There's nothing quite like going home after a tiring day and plunking down in your comfy bed. But sleeping in a bedroom with a pirate ship that leads to a crow's nest from a wooden rope bridge? Why that would be just arr'some!
As rapidly as our technology is advancing, it's not completely unrealistic to think that one day we'll be able to simply lay down onto a platform and have our DNA automatically cloned. Such a science fictional contraption is exactly what one British artist had in mind with his latest work.
Looking for a new piece of art to hang in your home? You can't really go wrong with this piece of vintage art that's been repurposed to feature a duck from Duck Hunt.
In 1910, a French illustrator named Villemard took a crack at predicting what the year 2000 would be like, and he came up with some wild, wild stuff.
You've gotta be brave to strap into the Auto Ink. It's an automatic tattoo machine that not only permanently draws on your body, but picks what it'll draw as well. When you start it up, it randomly chooses a religion and its corresponding symbol and then brands you with it.
Time does not treat paintings well. Old paint tends to become contaminated when exposed to the air for a long time, and it ends up fading the work to the point of being unrecognizable. But NASA looks to have figured out a way to bring these paintings back from the dead.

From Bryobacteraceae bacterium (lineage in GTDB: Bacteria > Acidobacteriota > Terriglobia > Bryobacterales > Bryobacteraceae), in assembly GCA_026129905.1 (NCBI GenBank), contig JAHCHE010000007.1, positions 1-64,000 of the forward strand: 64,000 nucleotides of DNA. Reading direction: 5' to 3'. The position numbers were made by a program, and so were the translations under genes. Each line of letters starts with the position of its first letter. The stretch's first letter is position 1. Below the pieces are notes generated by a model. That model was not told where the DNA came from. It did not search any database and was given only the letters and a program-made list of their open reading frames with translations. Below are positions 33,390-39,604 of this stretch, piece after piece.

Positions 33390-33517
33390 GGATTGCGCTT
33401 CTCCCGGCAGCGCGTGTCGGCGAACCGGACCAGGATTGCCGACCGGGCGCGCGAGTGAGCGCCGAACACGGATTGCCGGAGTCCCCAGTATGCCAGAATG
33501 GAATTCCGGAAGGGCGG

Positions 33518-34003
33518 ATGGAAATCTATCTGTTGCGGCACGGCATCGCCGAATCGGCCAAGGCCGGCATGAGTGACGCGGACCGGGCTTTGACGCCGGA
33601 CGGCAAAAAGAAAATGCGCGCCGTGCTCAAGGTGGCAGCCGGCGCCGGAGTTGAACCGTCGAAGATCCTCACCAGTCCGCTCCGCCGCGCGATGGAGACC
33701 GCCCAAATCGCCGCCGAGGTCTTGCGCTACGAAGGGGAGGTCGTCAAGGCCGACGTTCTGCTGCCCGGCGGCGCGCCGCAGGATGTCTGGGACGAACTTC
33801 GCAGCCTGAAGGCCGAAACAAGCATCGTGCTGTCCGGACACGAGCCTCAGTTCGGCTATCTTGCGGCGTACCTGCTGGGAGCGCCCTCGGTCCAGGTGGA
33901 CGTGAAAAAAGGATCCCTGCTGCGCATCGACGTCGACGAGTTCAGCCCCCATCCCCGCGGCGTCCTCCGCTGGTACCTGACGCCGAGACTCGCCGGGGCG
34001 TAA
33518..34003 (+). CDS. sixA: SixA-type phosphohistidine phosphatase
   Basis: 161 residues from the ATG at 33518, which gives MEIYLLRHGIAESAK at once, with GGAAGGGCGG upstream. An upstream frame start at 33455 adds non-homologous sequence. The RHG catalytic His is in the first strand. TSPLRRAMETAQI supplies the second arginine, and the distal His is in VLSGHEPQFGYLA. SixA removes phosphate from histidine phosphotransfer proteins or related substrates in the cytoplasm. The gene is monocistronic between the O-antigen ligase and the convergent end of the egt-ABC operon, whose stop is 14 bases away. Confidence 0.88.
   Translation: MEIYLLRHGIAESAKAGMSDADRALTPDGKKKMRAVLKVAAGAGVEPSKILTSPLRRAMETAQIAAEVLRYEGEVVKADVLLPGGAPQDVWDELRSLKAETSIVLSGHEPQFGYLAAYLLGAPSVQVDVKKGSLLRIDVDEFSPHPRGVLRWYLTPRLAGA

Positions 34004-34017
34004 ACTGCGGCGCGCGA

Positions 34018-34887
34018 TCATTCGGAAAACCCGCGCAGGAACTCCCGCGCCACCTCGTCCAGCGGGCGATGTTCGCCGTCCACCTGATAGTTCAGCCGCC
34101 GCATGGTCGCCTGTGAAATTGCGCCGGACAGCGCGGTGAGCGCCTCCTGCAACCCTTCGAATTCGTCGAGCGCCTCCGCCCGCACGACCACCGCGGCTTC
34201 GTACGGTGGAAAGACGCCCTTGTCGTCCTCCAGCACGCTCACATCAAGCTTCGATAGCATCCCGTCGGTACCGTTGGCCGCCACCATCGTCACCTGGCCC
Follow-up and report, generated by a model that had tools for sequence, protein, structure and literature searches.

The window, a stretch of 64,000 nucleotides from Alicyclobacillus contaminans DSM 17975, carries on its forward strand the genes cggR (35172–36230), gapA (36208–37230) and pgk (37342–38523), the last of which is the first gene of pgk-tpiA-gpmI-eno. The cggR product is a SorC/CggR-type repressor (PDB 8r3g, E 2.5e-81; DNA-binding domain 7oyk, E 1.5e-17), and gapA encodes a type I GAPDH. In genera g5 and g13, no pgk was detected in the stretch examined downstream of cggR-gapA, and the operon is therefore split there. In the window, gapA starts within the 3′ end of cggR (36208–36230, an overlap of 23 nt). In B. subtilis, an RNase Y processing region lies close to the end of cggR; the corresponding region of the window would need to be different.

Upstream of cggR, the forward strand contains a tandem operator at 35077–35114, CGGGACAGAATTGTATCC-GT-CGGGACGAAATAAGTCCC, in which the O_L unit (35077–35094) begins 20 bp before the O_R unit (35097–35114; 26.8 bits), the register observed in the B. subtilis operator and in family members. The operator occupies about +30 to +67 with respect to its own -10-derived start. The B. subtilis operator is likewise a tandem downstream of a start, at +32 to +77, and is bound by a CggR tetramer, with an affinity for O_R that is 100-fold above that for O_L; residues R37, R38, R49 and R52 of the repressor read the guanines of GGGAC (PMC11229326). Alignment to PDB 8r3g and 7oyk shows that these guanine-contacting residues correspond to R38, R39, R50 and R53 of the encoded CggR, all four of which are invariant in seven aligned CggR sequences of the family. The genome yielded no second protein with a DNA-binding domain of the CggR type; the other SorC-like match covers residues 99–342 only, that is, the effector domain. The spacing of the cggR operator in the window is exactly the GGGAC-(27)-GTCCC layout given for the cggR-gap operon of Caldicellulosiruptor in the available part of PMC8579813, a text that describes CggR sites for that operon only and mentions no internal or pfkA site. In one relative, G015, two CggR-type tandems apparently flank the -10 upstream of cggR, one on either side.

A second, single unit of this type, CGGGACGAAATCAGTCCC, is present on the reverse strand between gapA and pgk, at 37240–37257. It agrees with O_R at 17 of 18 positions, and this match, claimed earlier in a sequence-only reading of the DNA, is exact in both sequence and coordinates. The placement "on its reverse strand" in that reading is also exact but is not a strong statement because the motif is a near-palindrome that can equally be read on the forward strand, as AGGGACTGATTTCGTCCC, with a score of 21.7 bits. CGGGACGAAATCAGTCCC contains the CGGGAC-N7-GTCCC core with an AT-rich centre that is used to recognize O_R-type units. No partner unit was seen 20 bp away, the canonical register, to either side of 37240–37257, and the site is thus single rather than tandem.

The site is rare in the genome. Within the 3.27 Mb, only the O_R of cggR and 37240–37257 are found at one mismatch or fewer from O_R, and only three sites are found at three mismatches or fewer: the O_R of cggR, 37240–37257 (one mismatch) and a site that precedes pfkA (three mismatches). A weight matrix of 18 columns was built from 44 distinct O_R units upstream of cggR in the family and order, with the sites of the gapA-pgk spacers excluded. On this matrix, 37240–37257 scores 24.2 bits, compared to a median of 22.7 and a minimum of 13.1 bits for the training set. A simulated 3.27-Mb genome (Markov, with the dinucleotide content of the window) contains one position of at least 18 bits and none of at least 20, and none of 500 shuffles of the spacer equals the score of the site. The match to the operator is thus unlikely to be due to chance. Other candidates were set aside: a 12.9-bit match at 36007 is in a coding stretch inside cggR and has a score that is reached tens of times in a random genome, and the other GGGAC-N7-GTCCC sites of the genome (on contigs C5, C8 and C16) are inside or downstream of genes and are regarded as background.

When the apocalypse comes having working survival gear will be just as important as striking the right intimidating look, which makes this handcrafted helmet just about perfect.
You've probably heard — or maybe you're even caught smack dab in the middle of it — but the northeast is getting hammered by some crazy snow. Hmm, lots of snow? I know a place like that. A place where rebel scum, AT-ATs and Sith Lords like to hang out.
With all of these fancy-schmancy 3D and holographic displays kicking around, sometimes it's good to remind ourselves that effective optical effects don't need a lot of technical muscle behind them. Just take a look at John Leung's "Magic Carp-pet," which uses just what looks like a slatted coffee table and a rug to achieve its effect.
Now this is art. It's the Metropolis II installation by Chris Burden at the Los Angeles County Museum of Art, and it looks amazing.